The Ministry of Finance, Planning, and Economic Development has assured Parliament of Government plans to rationalise tax incentives to realize its efficient and effective implementation.
This was revealed by officials from the Finance Ministry led by the State Minister for Planning, Amos Lugoloobi, who were appearing before the Committee on Finance over Uganda Tax Expenditures Report for FY 2020/2021 to 2021/2022 on Thursday, 01 December 2022.
Over time, Parliament has been concerned about the rising tax expenditures and called for a legal tax review and comprehensive evaluation of the benefits of tax exemptions given to investors for the last 10 years.
The Permanent Secretary/ Secretary to the Treasury, Ramathan Ggoobi, told the committee that the government is implementing a Tax Expenditures Rationalisation Plan over the medium term to streamline tax incentives.
“We are aware of the weaknesses we have been having in the way we have been managing these tax expenditures and we have put in place a tax expenditure rationalization plan with the help of our development partners, specifically the International Monetary Fund,” Ggoobi said.
According to Ggoobi, the rationalisation plan will entail criteria of choosing beneficiaries, timeframe, and the purpose of the tax incentive and also sunset clauses which will inform the investors who intend to benefit of their obligations which must be met on time.
“This rationalisation plan will also help in cost-benefit analysis. We shall be able to tell the number and nature of jobs provided through the tax incentives and also contribute to our import substitution strategy,” he said.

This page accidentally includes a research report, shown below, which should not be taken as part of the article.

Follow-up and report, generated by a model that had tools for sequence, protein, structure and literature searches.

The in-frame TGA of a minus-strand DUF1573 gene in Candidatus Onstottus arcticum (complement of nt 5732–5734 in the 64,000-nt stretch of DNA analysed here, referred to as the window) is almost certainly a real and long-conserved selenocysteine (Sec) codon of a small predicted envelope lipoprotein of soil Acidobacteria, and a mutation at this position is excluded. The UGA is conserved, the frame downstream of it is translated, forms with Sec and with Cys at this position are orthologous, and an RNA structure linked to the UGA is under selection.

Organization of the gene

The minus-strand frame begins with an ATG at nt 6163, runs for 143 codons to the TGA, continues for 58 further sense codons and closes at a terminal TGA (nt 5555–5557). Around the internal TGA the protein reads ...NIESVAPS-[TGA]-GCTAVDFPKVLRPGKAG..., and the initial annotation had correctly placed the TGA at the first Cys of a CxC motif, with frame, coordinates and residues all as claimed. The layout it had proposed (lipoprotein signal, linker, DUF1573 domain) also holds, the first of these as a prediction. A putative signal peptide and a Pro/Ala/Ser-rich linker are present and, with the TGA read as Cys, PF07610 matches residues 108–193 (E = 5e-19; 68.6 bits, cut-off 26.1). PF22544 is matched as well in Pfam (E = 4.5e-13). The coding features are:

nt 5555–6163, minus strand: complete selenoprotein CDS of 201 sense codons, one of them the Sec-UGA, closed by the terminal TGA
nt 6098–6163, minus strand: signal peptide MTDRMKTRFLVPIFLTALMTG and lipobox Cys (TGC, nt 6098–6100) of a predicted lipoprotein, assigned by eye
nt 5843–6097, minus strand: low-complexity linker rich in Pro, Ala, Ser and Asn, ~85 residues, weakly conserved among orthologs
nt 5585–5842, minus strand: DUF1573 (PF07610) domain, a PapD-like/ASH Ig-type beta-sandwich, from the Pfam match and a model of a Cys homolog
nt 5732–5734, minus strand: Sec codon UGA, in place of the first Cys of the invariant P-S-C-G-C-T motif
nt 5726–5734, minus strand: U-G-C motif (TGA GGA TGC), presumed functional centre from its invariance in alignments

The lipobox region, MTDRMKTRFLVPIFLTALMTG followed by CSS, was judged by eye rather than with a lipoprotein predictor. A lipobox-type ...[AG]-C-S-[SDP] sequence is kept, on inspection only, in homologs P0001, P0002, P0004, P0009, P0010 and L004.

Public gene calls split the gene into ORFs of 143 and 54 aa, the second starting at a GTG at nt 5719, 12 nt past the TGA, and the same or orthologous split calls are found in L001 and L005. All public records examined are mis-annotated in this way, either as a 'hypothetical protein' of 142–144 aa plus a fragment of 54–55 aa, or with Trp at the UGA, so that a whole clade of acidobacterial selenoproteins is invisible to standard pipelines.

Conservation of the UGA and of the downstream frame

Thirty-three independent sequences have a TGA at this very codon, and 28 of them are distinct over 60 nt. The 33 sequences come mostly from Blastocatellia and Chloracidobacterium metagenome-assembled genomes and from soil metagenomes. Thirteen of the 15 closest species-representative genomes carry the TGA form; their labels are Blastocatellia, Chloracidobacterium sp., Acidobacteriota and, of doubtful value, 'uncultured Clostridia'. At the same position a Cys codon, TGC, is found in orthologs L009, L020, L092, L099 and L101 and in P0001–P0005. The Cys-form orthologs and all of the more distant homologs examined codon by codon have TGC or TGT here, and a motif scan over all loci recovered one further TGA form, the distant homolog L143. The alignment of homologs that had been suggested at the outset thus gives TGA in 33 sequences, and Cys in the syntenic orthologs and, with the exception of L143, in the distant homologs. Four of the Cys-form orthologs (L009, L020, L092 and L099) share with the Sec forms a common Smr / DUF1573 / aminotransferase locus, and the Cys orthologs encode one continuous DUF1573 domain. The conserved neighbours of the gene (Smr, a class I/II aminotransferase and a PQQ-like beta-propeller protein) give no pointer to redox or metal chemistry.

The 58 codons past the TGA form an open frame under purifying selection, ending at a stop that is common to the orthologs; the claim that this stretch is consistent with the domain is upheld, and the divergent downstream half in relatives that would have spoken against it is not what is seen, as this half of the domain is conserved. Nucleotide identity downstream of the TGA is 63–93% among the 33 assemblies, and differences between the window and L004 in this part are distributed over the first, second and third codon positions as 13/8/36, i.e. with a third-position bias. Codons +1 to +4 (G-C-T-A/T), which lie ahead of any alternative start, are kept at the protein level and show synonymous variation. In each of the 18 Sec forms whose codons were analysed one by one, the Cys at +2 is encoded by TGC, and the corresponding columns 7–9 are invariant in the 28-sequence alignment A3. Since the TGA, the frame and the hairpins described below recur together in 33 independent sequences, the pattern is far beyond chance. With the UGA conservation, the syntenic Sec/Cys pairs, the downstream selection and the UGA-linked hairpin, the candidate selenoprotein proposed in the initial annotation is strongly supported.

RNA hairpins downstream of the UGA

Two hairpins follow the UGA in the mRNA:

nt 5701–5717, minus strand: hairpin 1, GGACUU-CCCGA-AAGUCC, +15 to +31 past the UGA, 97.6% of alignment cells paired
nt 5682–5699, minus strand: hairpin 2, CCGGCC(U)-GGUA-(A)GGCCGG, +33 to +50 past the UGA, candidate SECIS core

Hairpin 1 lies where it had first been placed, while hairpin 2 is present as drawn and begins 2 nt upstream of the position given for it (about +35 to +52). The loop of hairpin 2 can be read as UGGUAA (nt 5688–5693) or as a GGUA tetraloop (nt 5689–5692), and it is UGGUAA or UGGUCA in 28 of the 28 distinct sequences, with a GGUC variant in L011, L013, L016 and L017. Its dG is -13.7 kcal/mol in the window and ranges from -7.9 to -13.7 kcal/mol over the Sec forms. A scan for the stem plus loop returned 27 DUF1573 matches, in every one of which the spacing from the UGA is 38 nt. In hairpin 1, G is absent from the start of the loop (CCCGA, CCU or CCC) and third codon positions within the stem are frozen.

However, Ggoobi noted that this tax expenditure rationalization plan is not to stop tax incentives, but to ensure that they are actually effective and beneficial to the economy.
In FY 2023/2024, Government proposes to review tax expenditures on capital incomes, unify tax rate on capital income, and review exemptions on supplies of some machinery, tools, and input suitable for use in agriculture.
For the last three financial years, the Government has forgone revenue amounting to Shs11.7 trillion on tax incentives. According to the Finance Committee, this is extremely high and could be disastrous to the country’s Gross Domestic Product (GDP).
“We need the Ministry of Finance to lay evidence that we are having benefits as a result of these tax expenditures. We need to reduce tax expenditures like Kenya has done in the past five years,” Committee Chairperson, Hon Keefa Kiwanuka, said.
Minister Lugoloobi said since the Government introduced tax incentives in the 1990s, key objectives of the Domestic Revenue Mobilisation Strategy have been met such as reduced importation of products, employment, and an increase in locally manufactured products among others.
Hon Jane Avur Pacuto, the MP for Pakwach district said whereas the rationalization plan is a move in the right direction, the Ministry of Finance needs to tighten the grip on investors who receive incentives but do not show tangible results over time.